Belted Kingfisher 1
    Red-bellied Woodpecker 10
    Downy Woodpecker 8
    Northern Flicker 1
    Eastern Wood-Pewee 1
    White-eyed Vireo 6
    Yellow-throated Vireo 1
    Blue Jay 15
    American Crow X
    Fish Crow X
    Carolina Chickadee 8
    Tufted Titmouse 10
    Carolina Wren 10
    House Wren 6
    Blue-gray Gnatcatcher 20
    Eastern Bluebird 8
    Gray Catbird 30
    Northern Mockingbird 5
    Brown Thrasher 6
    Golden-winged Warbler 1
    Northern Parula 1
    Magnolia Warbler 3
    Yellow-throated Warbler 1
    Pine Warbler 5
    Prairie Warbler 2
    Palm Warbler 10
    Palm Warbler (Western) 25
    Palm Warbler (Yellow) 1
    Black-and-white Warbler 1
    American Redstart 4
    Ovenbird 4
    Common Yellowthroat 20
    Northern Cardinal X
    Rose-breasted Grosbeak 4
    Indigo Bunting 25
    Red-winged Blackbird X
    Common Grackle 250
    Boat-tailed Grackle X

    This report was generated automatically by eBird v2(http://ebird.org)

  7. In Kissimmee there were quite a few new migrants along Shingle creek. I had 11 warbler and 3 thrush species. Annoyingly i failed to see any Rose-breasted Grosbeaks, however i did see quite a few Indigo Buntings. Best bird of the day was probably a Wood Thrush. Here’s a complete list of migrants:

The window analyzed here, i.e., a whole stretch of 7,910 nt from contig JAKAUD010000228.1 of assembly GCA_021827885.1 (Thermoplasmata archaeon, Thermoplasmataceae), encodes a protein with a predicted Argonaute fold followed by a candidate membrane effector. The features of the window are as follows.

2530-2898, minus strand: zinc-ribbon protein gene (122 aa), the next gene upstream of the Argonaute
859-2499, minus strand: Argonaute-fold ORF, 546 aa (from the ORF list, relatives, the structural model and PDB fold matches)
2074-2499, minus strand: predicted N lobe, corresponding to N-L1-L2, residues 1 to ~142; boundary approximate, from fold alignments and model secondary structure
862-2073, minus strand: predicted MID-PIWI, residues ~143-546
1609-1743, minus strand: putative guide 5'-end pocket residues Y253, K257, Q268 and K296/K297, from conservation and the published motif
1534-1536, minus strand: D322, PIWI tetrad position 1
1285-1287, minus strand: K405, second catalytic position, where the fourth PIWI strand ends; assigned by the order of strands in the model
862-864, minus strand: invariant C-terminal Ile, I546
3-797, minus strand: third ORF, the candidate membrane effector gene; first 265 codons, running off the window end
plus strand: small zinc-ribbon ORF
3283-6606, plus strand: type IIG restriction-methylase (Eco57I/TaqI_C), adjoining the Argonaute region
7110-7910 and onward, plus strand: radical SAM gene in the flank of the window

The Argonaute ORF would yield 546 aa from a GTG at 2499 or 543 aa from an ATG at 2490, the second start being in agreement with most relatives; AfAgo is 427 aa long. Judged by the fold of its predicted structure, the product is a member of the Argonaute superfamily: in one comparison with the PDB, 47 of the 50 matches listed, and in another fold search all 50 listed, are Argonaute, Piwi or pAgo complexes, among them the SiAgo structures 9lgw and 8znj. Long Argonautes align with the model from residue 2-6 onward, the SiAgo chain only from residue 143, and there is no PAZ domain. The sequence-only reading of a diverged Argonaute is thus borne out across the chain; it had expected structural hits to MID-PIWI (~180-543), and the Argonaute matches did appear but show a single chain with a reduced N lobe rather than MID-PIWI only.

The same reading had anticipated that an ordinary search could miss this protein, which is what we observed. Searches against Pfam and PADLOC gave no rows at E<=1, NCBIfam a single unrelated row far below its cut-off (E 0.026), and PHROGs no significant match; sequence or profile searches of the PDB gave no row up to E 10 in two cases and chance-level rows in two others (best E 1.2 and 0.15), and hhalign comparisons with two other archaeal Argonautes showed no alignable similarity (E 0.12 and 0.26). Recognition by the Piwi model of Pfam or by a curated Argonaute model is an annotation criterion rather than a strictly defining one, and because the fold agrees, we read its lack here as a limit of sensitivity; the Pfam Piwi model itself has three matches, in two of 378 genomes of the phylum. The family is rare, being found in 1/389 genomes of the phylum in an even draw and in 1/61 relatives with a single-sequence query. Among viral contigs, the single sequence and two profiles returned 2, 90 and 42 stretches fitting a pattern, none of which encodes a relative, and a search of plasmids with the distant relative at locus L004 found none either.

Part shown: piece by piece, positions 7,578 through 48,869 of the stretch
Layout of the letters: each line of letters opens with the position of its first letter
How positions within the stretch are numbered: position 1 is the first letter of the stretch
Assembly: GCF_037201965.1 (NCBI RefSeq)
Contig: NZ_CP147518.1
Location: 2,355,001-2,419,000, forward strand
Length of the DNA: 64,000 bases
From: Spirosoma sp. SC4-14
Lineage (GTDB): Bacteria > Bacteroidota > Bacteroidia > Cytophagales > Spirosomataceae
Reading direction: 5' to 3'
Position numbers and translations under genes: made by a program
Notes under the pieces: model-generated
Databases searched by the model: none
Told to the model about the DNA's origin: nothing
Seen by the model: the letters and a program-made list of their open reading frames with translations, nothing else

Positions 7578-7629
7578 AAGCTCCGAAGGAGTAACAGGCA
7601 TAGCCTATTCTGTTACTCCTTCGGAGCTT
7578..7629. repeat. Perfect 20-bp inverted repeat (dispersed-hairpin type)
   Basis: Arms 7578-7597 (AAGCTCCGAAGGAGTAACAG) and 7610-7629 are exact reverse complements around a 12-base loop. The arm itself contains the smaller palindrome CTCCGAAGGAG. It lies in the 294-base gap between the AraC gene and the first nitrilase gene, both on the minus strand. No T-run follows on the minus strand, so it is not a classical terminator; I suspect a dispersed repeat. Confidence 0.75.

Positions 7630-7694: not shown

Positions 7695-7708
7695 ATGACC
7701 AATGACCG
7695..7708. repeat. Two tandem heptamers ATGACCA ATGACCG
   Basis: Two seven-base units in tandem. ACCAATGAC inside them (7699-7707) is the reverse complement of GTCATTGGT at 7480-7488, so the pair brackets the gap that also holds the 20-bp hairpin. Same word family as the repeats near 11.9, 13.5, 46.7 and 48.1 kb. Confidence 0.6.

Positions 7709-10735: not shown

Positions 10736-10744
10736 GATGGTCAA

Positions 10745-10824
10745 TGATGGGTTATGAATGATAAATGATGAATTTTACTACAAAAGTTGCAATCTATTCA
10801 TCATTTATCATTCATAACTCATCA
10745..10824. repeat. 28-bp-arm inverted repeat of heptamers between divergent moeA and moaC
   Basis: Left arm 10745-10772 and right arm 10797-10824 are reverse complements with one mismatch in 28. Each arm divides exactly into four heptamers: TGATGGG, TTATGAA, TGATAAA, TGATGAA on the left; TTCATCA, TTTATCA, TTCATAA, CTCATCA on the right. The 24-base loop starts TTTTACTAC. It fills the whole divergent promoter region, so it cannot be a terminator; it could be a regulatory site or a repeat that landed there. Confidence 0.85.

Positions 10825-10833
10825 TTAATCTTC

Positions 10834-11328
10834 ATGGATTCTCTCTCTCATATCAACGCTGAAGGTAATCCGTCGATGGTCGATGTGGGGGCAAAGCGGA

Bald Eagle- 4
    American Kestrel- 1
    Chimney Swift- 8
    Belted Kingfisher- 2
    Eastern Phoebe- 4
    White-eyed Vireo- 2
    Barn Swallow- 3 (All Juv.)
    Tufted Titmouse- 4-5
    Blue-grey Gnatcatcher- 25+
    Wood Thrush- 1
    Gray-cheeked Thrush- 2
    Swainson’s Thrush- 3
    Gray Catbird- 20+
    Tennessee Warbler- 5
    Northern Parula- 2
    Chestnut-sided Warbler- 1 (1st Fall Female)
    Magnolia Warbler- 1 (male)
    Black-and-white Warbler- 1 (female)
    Black-throated Blue Warbler- 2 (male/female)
    Palm Warbler- 30+
    Ovenbird- 2
    Northern Waterthrush- Heard
    Common Yellowthroat- 20+
    American Redstart- 6
    Indigo Bunting- 15

    The Teenage Birder
    Kissimmee, FL